Virginia Light Rolls, Page 86, December 22, 2017

I was in charge of dinner rolls for our traditional Christmas Eve Dinner at my cousin’s house.  We have missed this particular get together over the past few years and now that Mom and Dad are back home for the holidays, I am really looking forward to seeing everyone.

After making rolls for Thanksgiving and shaping them using the cloverleaf-style, I decided to attempt fantan-style rolls this time.  (More on the shaping escapades to follow the recipe)

Into the bread machine pan, I placed:

1 cup plus 1 tablespoon milk

3 tablespoons honey

2 large eggs

1 – 1/2 teaspoons salt

6 tablespoons butter, cut into pieces

4 – 1/4 cups all-purpose flour

2 teaspoons SAF yeast

I set the machine for the “Dough” cycle and set about greasing my muffin tins.  When the machine signaled the end of the cycle, I turned the dough out onto a lightly floured mat.

I then rolled the dough into a rectangle 18 x 14 inches and brushed the surface with melted butter.  At this point in my retelling, I am going to quote the cookbook directly.

“Cut the rectangle in half lengthwise, then cut each half into 3 long strips of equal width.  Stack the strips on top of each other to form a layered pile.  With a sharp knife, cut in half.  Cut each half into 6 equal portions.  Place each portion in a muffin cup with the cut edge facing up (they will open as they bake). Brush each with melted butter.”

I covered the rolls loosely with plastic wrap and allowed them to rise at room temperature for 45 minutes.

I am not sure what I did wrong, but I certainly did something. After rising, the rolls looked like something exploding our of the muffin tins.  I went ahead and baked them, at 350 degrees for 20 minutes, but for the second batch, I shaped them as cloverleaf rolls, following the same rising and baking instructions.

The rolls baked up golden brown and tasted delightful.  The issue I had was with the density.  They just seemed so heavy.  One of the dinner guests said the following, “They were very good but a little dense.”

Again, no photos. You will have to trust me that the first batch looked crazy.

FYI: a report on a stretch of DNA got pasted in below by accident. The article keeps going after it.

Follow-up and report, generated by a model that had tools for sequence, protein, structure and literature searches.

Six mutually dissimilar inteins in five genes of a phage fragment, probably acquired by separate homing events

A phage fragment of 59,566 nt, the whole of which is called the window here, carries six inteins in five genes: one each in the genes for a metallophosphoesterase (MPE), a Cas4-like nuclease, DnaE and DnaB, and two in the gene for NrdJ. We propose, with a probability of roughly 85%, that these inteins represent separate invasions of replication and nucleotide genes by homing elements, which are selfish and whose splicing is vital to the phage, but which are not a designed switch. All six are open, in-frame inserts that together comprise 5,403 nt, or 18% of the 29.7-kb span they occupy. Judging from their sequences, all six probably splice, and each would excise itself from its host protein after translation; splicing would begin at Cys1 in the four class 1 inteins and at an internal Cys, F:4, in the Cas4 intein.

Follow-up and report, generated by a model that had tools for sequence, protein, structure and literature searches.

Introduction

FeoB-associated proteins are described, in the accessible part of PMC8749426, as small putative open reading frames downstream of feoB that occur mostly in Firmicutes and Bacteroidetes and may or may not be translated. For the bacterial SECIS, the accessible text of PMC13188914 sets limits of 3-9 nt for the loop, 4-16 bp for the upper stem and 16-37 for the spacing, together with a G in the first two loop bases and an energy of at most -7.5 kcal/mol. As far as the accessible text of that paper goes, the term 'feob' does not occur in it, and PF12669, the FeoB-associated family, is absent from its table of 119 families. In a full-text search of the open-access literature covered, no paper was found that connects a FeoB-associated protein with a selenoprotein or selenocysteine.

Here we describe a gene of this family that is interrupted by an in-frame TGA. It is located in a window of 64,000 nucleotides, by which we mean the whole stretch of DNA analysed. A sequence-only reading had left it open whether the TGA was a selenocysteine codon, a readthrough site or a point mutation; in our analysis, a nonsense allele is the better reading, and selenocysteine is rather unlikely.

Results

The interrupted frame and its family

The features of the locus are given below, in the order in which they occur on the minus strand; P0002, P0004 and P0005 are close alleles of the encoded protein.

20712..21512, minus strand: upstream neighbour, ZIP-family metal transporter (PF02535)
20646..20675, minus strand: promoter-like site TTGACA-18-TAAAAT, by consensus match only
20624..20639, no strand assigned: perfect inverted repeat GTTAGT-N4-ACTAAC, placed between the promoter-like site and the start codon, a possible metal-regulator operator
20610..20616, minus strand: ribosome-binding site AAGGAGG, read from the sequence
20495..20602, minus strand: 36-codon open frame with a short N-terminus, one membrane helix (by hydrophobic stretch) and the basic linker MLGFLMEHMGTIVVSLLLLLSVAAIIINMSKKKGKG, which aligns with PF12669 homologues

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Pumpkin Cloverleaf Rolls, page 356, November 19, 2017

I am ready to tackle recipe two in my Thanksgiving pregame lineup.  I’ve actually never made yeast rolls before, bread machine or otherwise, so this is totally a new experience for me.  We are having 8 for Thanksgiving dinner and this will provide 2 rolls per person.  I originally thought to make 2 batches, but have since changed my mind.

This recipe can be made using any winter squash you prefer.  You can use canned/pureed or cook and puree your own.  I am taking the slightly easier route of using canned pumpkin to save a little time.

Ingredients went into the bread machine pan in the following order:

1 cup canned pumpkin puree (again, any winter squash puree you enjoy can be used here)

1/2 cup water

1/2 cup milk

1/3 cup butter, melted

2 teaspoons salt

4 1/2 cups unbleached all-purpose flour

3 tablespoons light or dark brown sugar (I am using light)

1 Tablespoon dried orange peel

2 1/4 teaspoons SAF yeast

I programmed my machine for the dough cycle and let it begin. While the machine was working, I took the opportunity to grease 16 muffin cups and set them aside.

When the machine beeped at the end of the cycle, I removed the dough to a lightly floured work space.  The dough was then divided into 4 equal portions, with each of those 4 being again divided into 4.  (I now had 16 portions.)  To make the cloverleaf style roll, I then divided each of my 16 portions into 3 equal pieces, rolled each piece into a small walnut-sized ball and arranged each group of 3 into a muffin cup.  Once the muffin cups were filled, I loosely covered them with plastic wrap and set them aside to rise until doubled in bulk (about 30 minutes).

While the rolls were rising, I preheated my oven to 375 degrees, Fahrenheit.

Once the oven was heated and the rolls were sufficiently risen, I ended up baking them for 17 minutes (the recipe says 15-18 minutes, or until golden brown.)  I then immediately removed the rolls from the pan and set them on a rack to cool completely.  Since I am making these ahead of time, once they are cooled, I put them into airtight containers in my freezer to be reheated on Thanksgiving day.

They baked up large and fluffy, and I will post photos and reviews after the holiday.

image

Not a great photo, but I forgot to take pictures until this morning and these are the only leftovers.

These were really delicious; ever so slightly sweet with just a hint of orange flavor and the delightfully yeasty smell that only seems to come from homemade baking. My sister made black-eyed peas as part of our Thanksgiving feast and several  our cousin, Mike, really liked using these rolls to dunk in that yummy broth.